The State Government today announced that a synthetic athletics track will be built at Arena Joondalup.
Sport and Recreation Minister Norman Moore said the eight-lane track, with a ten-lane straight to cater for 100m sprint events, would be ready for the start of the 2001-2002 athletics season.
It would be built on the existing grass athletics field adjacent to the newly-constructed aquatic centre and would be able to host interclub and interstate-level competition.
The new facility would cater for both track and field training and competition.
It would service the needs of the sport in the rapidly expanding northern suburbs and would be utilised by Little Athletics, senior athletes and school programs.
Mr Moore said the synthetic track was part of a master plan for the future development of Arena Joondalup.
The plan also provided for a road connection to Moore Drive, which would ease traffic congestion in the Joondalup Drive entry when major events were staged at the Arena.
The Minister said the WA Sports Centre Trusts, which managed Arena Joondalup, would fund the cost of the $700,000 project partly from the proceeds from the sale of a 2.4ha portion of the Arena Joondalup land to the Lake Joondalup Baptist College.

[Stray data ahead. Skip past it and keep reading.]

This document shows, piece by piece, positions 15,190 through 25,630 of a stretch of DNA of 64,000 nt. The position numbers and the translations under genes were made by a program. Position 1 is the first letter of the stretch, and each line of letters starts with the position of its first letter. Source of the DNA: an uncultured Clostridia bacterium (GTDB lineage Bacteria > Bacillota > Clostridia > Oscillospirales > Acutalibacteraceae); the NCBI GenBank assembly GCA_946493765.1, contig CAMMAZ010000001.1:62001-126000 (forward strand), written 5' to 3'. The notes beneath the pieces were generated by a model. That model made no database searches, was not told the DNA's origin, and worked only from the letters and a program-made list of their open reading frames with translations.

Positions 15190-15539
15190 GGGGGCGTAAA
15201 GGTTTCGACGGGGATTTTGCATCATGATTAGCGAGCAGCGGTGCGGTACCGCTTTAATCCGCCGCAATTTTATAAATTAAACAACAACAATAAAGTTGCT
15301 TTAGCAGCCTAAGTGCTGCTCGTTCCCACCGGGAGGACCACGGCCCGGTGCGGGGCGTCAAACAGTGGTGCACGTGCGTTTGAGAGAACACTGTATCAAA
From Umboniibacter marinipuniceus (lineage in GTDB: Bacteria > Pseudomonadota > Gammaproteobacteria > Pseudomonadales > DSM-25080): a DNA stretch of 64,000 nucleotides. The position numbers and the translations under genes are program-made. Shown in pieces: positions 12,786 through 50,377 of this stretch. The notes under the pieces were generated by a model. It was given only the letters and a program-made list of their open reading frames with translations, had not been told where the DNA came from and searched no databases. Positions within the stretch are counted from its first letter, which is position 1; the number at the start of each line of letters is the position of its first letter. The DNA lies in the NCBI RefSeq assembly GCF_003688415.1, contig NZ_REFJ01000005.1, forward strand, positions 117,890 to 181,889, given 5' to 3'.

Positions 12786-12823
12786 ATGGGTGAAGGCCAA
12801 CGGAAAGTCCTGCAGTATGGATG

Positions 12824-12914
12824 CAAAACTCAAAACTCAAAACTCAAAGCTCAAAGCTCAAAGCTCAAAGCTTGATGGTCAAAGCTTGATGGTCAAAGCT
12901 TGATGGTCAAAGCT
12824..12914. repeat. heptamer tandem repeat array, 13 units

The college needed the land to further upgrade and enhance its current facilities, developing further the library and Information Technology Centre, an arts centre, outdoor and all-weather recreational areas and a purpose-built administration centre.
Mr Moore said the decision to build the new track followed months of hard work and planning.
“There is a big demand for this type of facility in the northern suburbs and I am delighted the State Government has been able to deliver it,” he said.
Joondalup Little Athletics Centre president Mike Beach said that the centre had been looking forward to this decision.
“We would like to applaud the State Government and the Minister for Sport and Recreation for his foresight in providing facilities at the Arena, Joondalup which will benefit all athletes in Perth’s northern corridor,” Mr Beach said.
“We have 350 athletes, 250 families and 1,000 people involved in Little Athletics, but there are also 20,000 primary and high school students in the cities of Joondalup and Wanneroo who will be able to enjoy these services.
“A synthetic track will attract senior athletes and young adults, too. It is a great early Christmas present.”
Athletica chief executive Chilla Porter said athletics was excited by the Government’s announcement.
He said that it was the first new track for more than 16 years and its location would service one of the fastest growing regions in Australia.
Media contact: Hartley Joynt, Minister’s office, 9321 1444.